Last year, ‘The Great American Eclipse’ caused a media frenzy as millions of Americans across 14 different states were cast into darkness. It was the first solar eclipse to cross the entire continent for almost 100 years and for those who witnessed it, it was a truly impressive sight.
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When it comes to the astronomical event of an eclipse, it’s fair to say that the solar version gets much more attention than its lunar counterpart. However, when the Sun, Earth and the Moon align perfectly on the night of a full moon, the spectacle of a lunar eclipse truly rare and awe-inspiring.
If you’ve never witnessed a lunar eclipse, but have always wanted to, then you’re in luck. Next month, on the 27th July, the longest lunar eclipse of the century will occur, lasting an impressive three hours and 55 minutes from start to finish with the peak total eclipse lasting almost two hours. There won’t be another lunar eclipse longer than this for the next 30 plus years, so make sure you catch a glimpse, and if you’re thinking that the Moon just turns dark, think again! During a total lunar eclipse the Moon actually turns a deep red, with more of the Sun’s light hitting its surface refracted by the Earth’s atmosphere.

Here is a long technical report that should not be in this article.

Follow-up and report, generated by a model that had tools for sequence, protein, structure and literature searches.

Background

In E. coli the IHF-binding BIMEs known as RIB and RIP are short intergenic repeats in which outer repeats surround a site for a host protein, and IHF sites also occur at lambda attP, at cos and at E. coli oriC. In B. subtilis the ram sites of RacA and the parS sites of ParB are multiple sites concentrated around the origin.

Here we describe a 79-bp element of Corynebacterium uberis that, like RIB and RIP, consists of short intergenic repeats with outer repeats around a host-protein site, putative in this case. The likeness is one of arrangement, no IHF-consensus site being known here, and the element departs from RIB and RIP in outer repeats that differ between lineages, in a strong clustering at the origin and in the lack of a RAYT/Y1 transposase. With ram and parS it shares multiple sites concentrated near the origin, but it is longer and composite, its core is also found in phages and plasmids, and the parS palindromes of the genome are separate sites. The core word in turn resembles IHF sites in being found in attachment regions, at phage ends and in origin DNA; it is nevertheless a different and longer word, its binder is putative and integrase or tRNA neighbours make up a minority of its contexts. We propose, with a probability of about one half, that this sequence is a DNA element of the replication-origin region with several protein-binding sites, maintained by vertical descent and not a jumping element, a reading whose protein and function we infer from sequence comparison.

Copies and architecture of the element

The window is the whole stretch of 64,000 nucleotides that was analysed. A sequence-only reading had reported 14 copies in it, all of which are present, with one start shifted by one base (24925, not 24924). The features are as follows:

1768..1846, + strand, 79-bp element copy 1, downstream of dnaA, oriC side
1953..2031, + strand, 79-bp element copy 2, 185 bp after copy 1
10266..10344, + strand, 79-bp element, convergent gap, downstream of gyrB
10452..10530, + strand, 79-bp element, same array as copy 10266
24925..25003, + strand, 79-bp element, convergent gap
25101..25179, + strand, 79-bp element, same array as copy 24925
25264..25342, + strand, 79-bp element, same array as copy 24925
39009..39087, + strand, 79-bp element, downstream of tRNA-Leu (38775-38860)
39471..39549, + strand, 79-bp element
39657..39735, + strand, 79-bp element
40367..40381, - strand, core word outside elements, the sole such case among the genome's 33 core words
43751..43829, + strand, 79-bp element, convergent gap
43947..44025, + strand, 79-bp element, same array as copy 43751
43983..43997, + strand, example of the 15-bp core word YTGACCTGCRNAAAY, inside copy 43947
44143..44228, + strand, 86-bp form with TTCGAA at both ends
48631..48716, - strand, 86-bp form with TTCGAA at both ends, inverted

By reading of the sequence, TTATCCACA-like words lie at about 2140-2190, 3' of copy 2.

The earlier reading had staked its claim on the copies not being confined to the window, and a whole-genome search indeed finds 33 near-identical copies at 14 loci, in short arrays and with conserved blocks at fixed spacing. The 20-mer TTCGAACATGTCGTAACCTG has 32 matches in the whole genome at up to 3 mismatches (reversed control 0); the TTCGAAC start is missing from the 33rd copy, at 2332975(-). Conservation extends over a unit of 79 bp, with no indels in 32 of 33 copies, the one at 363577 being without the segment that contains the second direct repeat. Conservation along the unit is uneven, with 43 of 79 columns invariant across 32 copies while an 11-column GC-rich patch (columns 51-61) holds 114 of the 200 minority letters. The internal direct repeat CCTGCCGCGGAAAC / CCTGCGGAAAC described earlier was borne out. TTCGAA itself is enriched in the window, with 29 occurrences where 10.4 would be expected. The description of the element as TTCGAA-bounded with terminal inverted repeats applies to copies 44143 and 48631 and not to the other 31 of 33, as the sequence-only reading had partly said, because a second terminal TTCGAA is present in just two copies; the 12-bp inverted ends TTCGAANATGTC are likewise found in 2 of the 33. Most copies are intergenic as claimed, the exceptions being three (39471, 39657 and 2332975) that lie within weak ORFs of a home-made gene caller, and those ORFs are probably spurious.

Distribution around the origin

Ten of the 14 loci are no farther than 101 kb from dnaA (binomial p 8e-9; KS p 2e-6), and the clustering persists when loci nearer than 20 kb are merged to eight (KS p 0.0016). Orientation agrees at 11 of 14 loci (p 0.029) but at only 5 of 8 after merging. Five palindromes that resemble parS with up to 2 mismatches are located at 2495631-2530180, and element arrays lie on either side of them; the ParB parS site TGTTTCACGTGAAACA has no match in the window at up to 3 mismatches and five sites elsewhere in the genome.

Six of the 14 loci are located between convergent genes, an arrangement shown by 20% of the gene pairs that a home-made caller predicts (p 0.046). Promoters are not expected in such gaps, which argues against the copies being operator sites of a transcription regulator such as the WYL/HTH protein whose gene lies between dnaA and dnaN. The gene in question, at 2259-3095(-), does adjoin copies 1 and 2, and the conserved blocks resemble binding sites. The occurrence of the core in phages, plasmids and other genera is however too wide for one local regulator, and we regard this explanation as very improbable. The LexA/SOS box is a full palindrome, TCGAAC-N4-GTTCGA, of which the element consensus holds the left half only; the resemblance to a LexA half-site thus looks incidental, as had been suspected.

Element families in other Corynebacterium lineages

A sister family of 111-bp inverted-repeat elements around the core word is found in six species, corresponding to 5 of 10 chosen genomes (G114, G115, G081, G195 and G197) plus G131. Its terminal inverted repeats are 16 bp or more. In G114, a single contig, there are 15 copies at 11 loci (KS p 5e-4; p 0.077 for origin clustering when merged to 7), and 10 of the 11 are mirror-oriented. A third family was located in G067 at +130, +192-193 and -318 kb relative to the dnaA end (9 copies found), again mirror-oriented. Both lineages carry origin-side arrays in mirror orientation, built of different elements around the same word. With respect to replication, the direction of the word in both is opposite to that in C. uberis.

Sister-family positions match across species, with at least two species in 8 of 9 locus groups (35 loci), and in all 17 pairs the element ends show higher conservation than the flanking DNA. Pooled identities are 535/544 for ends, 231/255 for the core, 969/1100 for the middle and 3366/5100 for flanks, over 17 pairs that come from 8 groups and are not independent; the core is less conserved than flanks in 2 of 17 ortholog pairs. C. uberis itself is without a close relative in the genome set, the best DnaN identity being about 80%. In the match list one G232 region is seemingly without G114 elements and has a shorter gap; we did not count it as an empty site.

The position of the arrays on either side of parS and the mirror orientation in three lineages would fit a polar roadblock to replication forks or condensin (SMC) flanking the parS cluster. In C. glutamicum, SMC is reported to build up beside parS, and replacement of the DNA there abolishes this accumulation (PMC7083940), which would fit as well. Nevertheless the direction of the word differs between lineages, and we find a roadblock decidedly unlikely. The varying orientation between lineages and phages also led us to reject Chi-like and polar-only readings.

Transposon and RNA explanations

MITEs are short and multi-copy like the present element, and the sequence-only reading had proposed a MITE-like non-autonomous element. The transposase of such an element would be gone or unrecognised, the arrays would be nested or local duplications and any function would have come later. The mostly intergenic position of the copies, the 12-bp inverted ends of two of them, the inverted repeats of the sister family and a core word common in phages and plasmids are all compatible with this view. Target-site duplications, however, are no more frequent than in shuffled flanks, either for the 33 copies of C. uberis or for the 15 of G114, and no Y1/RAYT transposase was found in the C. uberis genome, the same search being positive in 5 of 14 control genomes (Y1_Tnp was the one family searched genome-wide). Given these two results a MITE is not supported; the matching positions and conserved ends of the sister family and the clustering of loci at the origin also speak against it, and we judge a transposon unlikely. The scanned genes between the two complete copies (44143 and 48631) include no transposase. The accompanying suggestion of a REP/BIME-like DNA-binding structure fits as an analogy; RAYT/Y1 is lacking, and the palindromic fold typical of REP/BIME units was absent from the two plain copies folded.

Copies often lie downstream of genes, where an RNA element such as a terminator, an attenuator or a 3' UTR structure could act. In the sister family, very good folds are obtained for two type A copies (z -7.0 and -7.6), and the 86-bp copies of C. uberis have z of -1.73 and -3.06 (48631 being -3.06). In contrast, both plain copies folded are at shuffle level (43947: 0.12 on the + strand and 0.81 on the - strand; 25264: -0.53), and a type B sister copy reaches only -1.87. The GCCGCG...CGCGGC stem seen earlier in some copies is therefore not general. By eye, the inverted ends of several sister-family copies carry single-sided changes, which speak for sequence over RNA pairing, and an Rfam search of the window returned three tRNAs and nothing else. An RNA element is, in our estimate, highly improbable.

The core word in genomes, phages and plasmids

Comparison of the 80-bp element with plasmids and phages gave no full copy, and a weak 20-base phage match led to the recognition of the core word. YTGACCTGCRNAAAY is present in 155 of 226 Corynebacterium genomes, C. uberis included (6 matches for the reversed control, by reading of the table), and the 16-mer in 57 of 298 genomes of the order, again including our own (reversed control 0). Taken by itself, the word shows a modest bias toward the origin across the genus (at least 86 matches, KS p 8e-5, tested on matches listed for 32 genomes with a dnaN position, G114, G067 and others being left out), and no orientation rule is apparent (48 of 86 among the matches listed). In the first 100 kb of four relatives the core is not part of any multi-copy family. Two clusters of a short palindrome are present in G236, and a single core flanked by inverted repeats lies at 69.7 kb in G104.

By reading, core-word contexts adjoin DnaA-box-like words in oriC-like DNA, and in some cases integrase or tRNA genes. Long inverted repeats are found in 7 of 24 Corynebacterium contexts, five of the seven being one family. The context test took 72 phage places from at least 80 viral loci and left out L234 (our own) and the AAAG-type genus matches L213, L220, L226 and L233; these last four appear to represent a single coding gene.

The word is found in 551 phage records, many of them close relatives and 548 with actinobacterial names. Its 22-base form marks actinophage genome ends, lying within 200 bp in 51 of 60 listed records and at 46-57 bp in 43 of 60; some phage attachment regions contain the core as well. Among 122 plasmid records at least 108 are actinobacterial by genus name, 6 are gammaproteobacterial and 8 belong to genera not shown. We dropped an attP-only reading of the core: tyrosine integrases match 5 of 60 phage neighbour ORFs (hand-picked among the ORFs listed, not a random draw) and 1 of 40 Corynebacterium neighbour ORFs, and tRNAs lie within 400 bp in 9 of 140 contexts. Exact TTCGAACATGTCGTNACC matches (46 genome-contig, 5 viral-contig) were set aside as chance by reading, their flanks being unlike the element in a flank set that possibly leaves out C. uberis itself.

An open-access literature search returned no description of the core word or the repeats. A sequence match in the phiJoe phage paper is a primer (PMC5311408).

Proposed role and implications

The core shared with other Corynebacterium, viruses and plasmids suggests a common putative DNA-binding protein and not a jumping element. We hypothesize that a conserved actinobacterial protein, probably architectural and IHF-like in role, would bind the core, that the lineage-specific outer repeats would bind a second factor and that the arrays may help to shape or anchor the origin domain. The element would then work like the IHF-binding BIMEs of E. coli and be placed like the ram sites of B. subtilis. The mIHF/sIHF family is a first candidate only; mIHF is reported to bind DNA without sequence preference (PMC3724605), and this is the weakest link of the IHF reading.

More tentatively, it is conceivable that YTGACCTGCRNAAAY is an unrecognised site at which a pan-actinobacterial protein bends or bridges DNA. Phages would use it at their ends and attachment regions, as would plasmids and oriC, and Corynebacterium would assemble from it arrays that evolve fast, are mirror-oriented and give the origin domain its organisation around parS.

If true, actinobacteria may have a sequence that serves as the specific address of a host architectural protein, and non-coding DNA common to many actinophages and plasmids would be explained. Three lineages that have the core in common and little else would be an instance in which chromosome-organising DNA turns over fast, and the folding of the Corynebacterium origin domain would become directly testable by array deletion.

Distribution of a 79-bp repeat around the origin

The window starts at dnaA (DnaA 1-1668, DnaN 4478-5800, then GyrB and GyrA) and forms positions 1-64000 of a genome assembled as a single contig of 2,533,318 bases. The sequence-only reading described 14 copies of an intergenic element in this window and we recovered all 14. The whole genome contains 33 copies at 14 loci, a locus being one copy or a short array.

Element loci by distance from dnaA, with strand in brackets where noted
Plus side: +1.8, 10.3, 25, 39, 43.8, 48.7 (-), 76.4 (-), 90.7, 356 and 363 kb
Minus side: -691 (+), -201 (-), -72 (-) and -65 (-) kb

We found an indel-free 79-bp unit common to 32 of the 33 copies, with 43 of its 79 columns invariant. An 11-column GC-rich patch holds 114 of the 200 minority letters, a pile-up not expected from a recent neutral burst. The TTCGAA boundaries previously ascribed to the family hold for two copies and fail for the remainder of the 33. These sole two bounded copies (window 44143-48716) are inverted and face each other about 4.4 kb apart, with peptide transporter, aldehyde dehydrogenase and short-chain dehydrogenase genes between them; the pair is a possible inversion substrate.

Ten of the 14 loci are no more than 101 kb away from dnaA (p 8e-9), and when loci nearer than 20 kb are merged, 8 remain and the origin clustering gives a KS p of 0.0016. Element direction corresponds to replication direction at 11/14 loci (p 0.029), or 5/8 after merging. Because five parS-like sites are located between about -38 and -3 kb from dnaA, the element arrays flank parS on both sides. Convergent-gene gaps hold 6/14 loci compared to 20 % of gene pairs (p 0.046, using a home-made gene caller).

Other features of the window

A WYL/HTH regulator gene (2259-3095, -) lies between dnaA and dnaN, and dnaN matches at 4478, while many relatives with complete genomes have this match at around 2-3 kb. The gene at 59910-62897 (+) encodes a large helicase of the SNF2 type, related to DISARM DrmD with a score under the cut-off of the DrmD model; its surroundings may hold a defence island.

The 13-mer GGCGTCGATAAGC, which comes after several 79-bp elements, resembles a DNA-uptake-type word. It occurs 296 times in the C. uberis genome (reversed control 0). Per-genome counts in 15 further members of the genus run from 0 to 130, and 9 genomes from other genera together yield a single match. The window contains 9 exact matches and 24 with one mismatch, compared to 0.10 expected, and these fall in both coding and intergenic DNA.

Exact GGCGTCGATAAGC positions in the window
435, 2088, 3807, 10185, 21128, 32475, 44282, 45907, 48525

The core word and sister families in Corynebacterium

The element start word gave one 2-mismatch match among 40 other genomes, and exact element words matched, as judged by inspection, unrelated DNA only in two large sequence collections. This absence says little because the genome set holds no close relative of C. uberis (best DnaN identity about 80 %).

If for some reason you’re not able to see this impressive eclipse, fear not, RS Components have created this handy graphic that details all of the total lunar eclipses we can expect to see over the coming decades.
According to the graphic, the next notably long eclipse isn’t for another 18 years! Occurring on the 7th August 2036 and lasting three hours and 51 minutes from beginning to end, with the total, peak eclipse lasting over one and half hours. It will be visible in the Americas, Europe, Africa and West Asia so pop a note in your diary!
If you’re feeling adventurous and fancy seeing a lunar eclipse in different locations around the globe, then Asia is the place for you. Earth’s most populous continent will experience the highest amount of lunar eclipse in coming years, seeing an impressive 25 eclipses in total. The Americas and Africa are a close second, seeing 22 eclipses each, with Europe following closely behind with 21.Unfortunately for the Middle East, Nasa data reveals that they will only see one lunar eclipse in the next 32 years. They get another chance to spot a partial lunar eclipse on the 17th June 2057 but don’t get to fully experience another total eclipse until 2076, 58 years from now!